Muriel Médard is a Professor in the Electrical Engineering and Computer Science Department at MIT. She was previously Assistant Professor at the Electrical and Computer Engineering Department and a member of the Coordinated Science Laboratory at the University of Illinois Urbana-Champaign. From 1995 to 1998 she was a Staff Member at MIT Lincoln Laboratory in the Optical Communications and the Advanced Networking Groups. Professor Médard received a B.S. degree in EECS and one in Mathematics in 1989, a B.S. degree in Humanities in 1990, an M.S. degree in EE in 1991, and an Sc.D. degree in EE in 1995, all from the Massachusetts Institute of Technology, Cambridge, MA. She serves or has served as an Associate Editor or Guest Editor for the Optical Communications and Networking Series of the IEEE Journal on Selected Areas in Communications, the IEEE Transactions on Information Theory, the IEEE Journal of Lightwave Technology, and the Optical Society of America's Journal of Optical Networking. She is the recipient of a National Science Foundation Career award. She was awarded the IEEE Leon K. Kirchmayer Prize Paper Award and the Best Paper Award at the International Workshop on the Design of Reliable Communication Networks, 2003. She was co-winner of the 2004 Harold E. Edgerton Faculty Achievement Award, established in 1982 to honor junior faculty members "for distinction in research, teaching and service to the MIT community." She was named a 2007 Gilbreth Lecturer by the National Academy of Engineering and is a Fellow of the IEEE. Professor Médard's research interests are in the areas of reliable communications, particularly for optical and wireless networks, and in network coding to networks.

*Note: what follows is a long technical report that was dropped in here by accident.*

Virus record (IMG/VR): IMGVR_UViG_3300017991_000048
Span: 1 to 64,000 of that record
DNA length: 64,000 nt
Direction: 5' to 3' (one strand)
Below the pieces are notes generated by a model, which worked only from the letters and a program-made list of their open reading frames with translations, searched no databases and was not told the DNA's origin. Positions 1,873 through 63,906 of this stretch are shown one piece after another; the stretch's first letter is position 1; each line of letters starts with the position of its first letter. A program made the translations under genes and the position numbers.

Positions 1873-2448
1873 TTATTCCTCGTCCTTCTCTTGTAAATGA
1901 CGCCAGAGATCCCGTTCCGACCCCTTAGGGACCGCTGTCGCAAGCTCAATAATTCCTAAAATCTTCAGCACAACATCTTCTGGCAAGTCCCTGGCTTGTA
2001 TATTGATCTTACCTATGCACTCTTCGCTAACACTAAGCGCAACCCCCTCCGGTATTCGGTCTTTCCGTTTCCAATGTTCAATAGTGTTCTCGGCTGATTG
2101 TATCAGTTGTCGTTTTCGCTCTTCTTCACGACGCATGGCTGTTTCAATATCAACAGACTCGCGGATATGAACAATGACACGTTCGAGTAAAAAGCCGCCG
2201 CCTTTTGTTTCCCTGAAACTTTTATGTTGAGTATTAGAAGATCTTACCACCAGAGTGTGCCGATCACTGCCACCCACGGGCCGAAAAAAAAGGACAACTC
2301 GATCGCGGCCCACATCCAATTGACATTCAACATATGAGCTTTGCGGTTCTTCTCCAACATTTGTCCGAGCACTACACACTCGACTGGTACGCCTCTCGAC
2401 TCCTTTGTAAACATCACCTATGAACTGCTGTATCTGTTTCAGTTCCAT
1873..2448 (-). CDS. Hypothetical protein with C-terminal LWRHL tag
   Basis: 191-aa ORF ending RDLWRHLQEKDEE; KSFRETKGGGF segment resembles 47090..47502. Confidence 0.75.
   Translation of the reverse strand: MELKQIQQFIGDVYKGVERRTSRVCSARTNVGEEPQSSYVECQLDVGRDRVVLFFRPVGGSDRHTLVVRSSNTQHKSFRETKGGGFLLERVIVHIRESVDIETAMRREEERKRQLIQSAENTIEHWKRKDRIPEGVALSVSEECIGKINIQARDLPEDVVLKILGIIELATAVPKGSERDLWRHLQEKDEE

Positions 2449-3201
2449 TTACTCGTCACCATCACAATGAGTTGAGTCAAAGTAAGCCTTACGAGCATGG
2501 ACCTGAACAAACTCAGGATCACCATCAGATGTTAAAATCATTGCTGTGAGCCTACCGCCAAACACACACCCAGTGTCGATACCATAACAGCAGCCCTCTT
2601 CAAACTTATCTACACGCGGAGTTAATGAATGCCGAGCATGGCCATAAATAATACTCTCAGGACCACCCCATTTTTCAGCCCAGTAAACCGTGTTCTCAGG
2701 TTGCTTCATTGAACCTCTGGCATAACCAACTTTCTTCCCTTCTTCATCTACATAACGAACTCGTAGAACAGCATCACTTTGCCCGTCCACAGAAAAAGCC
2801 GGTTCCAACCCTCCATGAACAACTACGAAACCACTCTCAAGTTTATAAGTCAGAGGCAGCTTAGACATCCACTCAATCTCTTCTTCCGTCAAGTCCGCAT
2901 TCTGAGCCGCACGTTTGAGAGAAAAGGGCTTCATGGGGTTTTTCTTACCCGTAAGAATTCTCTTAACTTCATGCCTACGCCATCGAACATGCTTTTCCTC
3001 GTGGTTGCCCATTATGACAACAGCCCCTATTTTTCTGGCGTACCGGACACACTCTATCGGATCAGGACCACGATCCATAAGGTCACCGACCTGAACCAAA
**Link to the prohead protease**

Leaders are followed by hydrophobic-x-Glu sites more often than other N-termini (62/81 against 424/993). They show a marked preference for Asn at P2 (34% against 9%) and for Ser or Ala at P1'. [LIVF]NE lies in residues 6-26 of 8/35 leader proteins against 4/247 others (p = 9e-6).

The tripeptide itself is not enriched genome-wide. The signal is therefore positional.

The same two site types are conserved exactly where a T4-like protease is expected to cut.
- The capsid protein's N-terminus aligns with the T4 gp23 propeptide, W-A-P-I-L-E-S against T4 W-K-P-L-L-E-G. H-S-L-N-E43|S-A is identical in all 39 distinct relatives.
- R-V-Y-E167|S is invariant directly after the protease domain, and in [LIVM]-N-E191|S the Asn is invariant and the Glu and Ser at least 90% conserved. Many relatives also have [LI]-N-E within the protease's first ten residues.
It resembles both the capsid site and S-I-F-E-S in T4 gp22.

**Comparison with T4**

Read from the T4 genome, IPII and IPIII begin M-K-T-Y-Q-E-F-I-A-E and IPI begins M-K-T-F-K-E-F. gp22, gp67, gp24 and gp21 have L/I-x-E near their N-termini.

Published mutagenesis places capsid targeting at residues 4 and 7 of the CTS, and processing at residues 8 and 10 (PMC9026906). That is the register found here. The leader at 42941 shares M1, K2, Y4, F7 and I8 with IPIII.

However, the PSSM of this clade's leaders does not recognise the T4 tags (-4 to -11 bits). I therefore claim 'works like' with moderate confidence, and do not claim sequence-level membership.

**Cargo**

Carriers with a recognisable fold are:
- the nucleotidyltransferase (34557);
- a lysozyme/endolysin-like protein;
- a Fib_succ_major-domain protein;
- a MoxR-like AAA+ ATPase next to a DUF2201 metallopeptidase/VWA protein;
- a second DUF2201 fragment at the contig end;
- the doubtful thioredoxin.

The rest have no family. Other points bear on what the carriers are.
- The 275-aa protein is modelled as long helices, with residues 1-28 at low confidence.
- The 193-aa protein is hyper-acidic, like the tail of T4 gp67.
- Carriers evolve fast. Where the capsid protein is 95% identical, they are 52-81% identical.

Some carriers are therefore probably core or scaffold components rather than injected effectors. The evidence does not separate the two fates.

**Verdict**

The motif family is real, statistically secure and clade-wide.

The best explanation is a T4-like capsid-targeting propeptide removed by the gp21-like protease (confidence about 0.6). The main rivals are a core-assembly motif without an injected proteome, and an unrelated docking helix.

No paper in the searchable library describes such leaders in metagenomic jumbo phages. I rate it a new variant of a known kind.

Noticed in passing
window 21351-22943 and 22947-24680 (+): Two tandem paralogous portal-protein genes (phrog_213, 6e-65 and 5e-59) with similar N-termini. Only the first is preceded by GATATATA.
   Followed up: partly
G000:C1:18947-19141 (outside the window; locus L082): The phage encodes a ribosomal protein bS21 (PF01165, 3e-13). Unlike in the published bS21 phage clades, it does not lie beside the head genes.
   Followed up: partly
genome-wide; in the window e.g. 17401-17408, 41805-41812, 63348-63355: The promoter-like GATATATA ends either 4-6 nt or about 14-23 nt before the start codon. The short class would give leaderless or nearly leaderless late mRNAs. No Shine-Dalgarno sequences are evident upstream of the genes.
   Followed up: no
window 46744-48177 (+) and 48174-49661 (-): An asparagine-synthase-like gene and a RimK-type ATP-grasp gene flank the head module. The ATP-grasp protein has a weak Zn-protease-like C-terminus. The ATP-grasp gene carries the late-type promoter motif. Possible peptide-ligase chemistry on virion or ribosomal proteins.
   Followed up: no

Dina Katabi is an Associate Professor in the Electrical Engineering and Computer Science department at MIT. She received her M.S. and Ph.D. degrees from MIT, in 1998 and 2003. She is a leader in the area of computer networks and distributed systems. Her work focuses on wireless networks, network security, routing, and distributed resource management. She has award winning papers in ACM SIGCOMM and Usenix NSDI. She has been awarded the class of 1947 Career Development Chair in 2007, a Sloan Fellowship award in 2006, the NBX Career Development chair in 2006, and an NSF CAREER award in 2005. Her doctoral dissertation won an ACM Honorable Mention award and a Sprowls award for academic excellence.
- Click here to read an article about how network coding could protect users’ privacy and providers’ content while making communications networks more efficient. Published by the MIT News Office April 1, 2011.
- Click here to read a February 9, 2010 article, "The power of 'random'," published by the MIT News Office.